THERE’S MUCH TALK OF THESE WINTER OLYMPICS BEING “TOO COLD” AND “TOO WINDY”, WITH TWO BLUE RIBBON ALPINE EVENTS HAVING BEEN POSTPONED AND ATHLETES COMPLAINING ABOUT UNSAFE CONDITIONS. BUT CAN A WINTER OLYMPICS REALLY BE TOO COLD? AND WASN’T EVERYBODY COMPLAINING ABOUT SOCHI BEING TOO WARM?
It seems it’s not just the Brits who like talking about the weather – the whole world is talking about the conditions over in PyeongChang. Four years ago, we were all talking about the balmy conditions at Sochi, where temperatures never once dropped below zero and even topped 20 degrees Celsius on occasion. Now PyeongChang is presenting us with genuinely Arctic conditions, where temperatures are regularly around the -15 degrees Celsius mark and accompanied by bitingly cold winds. So when does batting the wintry elements stop being part of the Olympic spirit and start to become a problem?
So far, the strong winds buffeting PyeongChang have caused the Men’s Alpine Downhill and Women’s Alpine Giant Slalom to be postponed, with whispers already circulating about an extended Games. The winds also resulted in Sunday’s Women’s Slopestyle qualifying stages being pulled in favour of one single final event, which took place (later than scheduled, due to wind) on Monday morning. Team GB’s Aimee Fuller went in confidently but, as gusts of over 45km/h caused every single rider to fall on at least one of their two allotted runs, athletes, trainers, spectators and commentators began to question the wisdom of continuing with the event.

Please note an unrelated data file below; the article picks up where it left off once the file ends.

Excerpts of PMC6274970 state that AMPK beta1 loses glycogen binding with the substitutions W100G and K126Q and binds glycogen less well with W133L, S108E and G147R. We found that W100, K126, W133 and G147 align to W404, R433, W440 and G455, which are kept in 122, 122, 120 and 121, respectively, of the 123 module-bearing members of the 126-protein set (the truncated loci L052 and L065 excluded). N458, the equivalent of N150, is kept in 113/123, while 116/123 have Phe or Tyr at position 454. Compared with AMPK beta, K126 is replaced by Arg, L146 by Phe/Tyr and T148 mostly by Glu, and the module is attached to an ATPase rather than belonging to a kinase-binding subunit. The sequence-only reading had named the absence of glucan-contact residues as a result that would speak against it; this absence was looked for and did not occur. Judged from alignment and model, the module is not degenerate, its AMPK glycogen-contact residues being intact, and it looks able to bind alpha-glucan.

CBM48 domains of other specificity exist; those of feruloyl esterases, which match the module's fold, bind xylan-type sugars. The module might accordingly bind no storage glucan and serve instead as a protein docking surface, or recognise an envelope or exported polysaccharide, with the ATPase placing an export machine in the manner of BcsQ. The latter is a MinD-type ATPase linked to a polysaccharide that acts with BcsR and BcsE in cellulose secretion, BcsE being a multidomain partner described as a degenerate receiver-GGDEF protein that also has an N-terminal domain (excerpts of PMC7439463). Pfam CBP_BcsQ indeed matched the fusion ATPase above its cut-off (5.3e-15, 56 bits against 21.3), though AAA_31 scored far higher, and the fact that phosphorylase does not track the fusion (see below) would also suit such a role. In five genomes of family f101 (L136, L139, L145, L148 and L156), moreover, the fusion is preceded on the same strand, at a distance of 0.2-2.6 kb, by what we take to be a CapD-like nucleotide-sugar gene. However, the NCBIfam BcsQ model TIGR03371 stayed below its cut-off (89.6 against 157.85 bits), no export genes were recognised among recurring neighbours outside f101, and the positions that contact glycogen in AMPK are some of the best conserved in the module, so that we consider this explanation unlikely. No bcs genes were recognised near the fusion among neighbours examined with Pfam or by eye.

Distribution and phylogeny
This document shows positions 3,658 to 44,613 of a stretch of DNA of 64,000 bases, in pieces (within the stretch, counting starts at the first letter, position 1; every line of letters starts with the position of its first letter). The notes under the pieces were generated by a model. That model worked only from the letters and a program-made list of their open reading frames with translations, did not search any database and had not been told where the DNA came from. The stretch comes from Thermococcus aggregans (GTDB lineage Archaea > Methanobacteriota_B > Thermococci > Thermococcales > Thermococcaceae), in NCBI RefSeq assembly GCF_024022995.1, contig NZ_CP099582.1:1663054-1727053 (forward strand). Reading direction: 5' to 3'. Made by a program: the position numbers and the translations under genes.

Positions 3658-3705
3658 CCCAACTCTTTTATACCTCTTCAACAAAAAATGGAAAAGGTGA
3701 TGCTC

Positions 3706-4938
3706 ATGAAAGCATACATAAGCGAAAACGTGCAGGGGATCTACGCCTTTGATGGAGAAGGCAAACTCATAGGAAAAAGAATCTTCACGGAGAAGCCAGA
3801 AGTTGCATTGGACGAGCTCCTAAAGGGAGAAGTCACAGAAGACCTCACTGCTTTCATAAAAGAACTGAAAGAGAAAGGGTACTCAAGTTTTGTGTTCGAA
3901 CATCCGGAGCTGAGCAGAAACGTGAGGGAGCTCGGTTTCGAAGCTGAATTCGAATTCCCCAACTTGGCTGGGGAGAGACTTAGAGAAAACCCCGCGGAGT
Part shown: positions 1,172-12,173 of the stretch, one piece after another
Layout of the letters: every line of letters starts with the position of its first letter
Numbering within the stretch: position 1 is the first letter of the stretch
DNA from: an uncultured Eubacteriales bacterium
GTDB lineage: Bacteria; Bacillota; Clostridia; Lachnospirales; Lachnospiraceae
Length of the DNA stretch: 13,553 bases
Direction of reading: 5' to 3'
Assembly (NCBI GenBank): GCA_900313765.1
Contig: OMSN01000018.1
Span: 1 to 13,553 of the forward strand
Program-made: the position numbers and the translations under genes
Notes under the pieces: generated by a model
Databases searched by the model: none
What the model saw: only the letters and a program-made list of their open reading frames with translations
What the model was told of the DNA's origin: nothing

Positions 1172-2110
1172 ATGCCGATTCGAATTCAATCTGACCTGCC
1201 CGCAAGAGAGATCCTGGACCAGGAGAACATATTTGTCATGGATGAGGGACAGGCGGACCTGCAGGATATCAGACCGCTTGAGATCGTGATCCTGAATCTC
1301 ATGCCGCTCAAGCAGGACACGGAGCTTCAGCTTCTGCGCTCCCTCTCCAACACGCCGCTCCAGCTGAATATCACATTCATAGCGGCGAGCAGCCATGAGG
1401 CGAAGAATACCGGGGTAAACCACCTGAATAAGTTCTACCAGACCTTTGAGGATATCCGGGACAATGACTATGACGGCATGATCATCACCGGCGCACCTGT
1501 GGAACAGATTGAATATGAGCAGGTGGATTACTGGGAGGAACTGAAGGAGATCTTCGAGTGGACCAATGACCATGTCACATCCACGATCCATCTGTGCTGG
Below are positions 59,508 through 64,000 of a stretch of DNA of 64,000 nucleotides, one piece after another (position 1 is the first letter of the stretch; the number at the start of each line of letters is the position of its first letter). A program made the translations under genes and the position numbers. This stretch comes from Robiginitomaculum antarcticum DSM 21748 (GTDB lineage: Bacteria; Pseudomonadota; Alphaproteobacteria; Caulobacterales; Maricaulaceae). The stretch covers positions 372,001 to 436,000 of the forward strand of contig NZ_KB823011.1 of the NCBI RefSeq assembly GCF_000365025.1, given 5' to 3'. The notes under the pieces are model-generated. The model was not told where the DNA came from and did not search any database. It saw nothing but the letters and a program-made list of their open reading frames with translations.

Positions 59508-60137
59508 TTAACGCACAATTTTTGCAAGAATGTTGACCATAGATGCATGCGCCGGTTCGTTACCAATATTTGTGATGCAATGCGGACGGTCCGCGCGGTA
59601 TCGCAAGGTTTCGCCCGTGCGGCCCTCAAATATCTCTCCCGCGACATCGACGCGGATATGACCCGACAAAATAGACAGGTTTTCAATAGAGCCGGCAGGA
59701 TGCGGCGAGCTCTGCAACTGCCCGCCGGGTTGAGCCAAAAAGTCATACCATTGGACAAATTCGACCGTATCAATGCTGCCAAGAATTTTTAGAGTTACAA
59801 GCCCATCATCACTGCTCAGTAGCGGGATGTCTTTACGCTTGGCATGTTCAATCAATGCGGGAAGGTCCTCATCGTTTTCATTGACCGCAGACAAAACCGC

Aimee described the conditions as the “roughest” she had competed in:
“It was like riding into a wind tunnel. On the second run I got my speed right but once I was in the air it felt like I had a sail boat under my board,” the 26-year-old explained. “If you were lucky with the wind there were calm windows but the majority was super inconsistent. I don’t think it was a true reflection of women’s slopestyle, which is a shame for our sport.”
Hopefully the winds will die down for Aimee’s next opportunity to win a medal, when she competes in the Women’s Big Air competition, due to start next Monday. Before that, however, we’ve got the Men’s Cross-Country Men’s Sprint Classic to look forward to this morning at 11:00 GMT with Andrew Young looking to put in a strong performance. This is Andrew’s third Winter Olympics and the Sprint is his strongest race distance – he’s hoping to qualify in the top 30 in the prologue to earn a place in the knockout stages, so egg him on!